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Title: Tackling technology and social ties: the stressful implications of organizational videoconferencing on employees during COVID-19
Authors: Malviya, Shruti
Keywords: Social sciences::Communication
Issue Date: 2022
Publisher: Nanyang Technological University
Source: Malviya, S. (2022). Tackling technology and social ties: the stressful implications of organizational videoconferencing on employees during COVID-19. Master's thesis, Nanyang Technological University, Singapore.
Abstract: The outbreak of the Coronavirus Disease (COVID-19) across the world in the first quarter of 2020 impelled organizations to drastically move their workforce to a remote working or a Work from Home (WFH) setup, where physical interaction was ceased indefinitely. Videoconferencing soon became the predominant mode of organizational communication. However, extensive use of videoconferencing led to repercussions among remote working employees such as technostress, both in terms of the stress experienced from the technology of videoconferencing as well as from the employees’ estranged relationships such as family, roommates, friends, and colleagues and managers. There has been a gap in the research on stress, strain, and coping from videoconferencing in an organizational context, especially among employees of different hierarchies, and its repercussions from a socio-relational perspective. With technostress as the theoretical framework, this study explored the techno and socio-relational stressors of videoconferencing, the strains incurred, and the coping measures adapted by employees to counter the stress from videoconferencing in Singapore. Through interviews with 30 fulltime WFH employees in Singapore across various industries, and 7 diary studies from the interviewees, and by using qualitative data analysis, the study examined how employees experience socio-relational stress more than technostress as they switched to videoconferencing during the pandemic and what coping strategies they employ to manage the strains they experienced. This study suggested a relook at the existing concepts of videoconferencing and technostress which are applicable to the incumbent working scenario and provided a perspective into employees’ changing relationship dynamics from remote videoconferencing, especially employees across different hierarchies.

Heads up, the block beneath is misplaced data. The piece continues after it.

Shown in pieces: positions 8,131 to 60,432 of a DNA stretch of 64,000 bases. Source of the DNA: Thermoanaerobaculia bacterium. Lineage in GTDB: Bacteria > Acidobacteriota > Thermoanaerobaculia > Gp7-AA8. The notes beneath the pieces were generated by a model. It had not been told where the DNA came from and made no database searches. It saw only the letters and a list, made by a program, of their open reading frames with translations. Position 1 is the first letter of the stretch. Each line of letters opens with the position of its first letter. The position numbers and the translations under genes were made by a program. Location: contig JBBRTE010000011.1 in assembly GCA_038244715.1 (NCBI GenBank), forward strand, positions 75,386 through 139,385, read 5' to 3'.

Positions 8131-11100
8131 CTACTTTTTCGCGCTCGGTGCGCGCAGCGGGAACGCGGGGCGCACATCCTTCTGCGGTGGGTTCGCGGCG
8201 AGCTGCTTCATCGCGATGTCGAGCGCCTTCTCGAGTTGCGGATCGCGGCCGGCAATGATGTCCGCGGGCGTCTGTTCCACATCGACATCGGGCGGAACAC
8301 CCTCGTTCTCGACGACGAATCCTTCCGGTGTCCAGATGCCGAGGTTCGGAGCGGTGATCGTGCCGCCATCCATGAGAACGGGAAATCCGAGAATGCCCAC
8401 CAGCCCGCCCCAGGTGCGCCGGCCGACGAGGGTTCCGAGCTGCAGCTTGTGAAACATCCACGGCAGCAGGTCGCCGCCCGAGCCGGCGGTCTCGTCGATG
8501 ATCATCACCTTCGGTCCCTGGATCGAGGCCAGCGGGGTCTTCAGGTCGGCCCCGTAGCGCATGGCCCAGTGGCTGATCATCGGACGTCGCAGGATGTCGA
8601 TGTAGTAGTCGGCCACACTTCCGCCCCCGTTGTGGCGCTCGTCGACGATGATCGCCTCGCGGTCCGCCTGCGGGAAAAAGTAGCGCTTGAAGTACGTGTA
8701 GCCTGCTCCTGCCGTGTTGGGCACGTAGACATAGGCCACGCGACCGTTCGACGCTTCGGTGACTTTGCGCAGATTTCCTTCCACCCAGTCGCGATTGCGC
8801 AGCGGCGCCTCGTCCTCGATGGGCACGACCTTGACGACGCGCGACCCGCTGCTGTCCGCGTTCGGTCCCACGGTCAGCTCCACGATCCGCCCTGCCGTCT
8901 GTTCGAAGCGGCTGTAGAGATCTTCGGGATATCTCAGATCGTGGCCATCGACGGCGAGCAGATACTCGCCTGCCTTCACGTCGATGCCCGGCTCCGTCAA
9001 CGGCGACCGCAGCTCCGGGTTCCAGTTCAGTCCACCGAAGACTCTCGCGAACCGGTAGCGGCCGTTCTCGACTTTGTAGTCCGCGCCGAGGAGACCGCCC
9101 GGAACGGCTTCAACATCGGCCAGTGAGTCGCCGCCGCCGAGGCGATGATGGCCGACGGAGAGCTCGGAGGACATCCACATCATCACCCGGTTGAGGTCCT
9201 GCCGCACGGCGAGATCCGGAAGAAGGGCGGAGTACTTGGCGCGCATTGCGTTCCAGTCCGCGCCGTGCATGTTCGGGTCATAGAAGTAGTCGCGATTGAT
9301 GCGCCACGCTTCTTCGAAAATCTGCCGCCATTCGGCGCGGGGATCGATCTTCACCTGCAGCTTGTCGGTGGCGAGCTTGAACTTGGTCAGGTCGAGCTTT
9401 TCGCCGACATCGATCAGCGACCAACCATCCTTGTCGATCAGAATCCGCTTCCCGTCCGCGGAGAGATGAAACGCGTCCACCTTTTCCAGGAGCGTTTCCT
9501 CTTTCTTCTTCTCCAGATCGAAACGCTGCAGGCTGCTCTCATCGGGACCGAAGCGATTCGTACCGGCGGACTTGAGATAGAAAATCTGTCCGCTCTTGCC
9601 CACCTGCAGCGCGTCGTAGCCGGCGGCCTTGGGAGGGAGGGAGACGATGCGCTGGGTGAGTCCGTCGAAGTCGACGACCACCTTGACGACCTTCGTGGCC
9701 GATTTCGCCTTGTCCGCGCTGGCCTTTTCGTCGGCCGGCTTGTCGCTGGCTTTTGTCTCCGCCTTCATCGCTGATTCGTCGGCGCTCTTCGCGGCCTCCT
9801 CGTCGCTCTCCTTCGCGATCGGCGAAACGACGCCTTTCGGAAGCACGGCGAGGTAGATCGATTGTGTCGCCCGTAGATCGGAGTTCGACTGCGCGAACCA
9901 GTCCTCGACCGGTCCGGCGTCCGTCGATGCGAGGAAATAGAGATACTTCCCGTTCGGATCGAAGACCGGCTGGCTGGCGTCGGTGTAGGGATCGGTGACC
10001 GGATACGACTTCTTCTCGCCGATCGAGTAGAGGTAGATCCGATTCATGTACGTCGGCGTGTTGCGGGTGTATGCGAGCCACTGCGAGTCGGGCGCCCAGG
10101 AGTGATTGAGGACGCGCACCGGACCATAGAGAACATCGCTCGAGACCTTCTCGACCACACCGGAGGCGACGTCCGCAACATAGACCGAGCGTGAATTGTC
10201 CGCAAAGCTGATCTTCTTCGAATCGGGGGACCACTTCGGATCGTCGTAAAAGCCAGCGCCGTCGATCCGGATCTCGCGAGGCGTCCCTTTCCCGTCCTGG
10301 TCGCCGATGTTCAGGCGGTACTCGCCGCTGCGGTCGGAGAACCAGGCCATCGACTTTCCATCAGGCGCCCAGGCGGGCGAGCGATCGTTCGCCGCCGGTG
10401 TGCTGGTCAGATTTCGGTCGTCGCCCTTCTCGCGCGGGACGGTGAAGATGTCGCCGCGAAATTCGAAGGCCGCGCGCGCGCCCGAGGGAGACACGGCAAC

DOI: 10.32657/10356/163346
Schools: Wee Kim Wee School of Communication and Information 
Rights: This work is licensed under a Creative Commons Attribution-NonCommercial 4.0 International License (CC BY-NC 4.0).
Fulltext Permission: open
Fulltext Availability: With Fulltext
Appears in Collections:WKWSCI Theses

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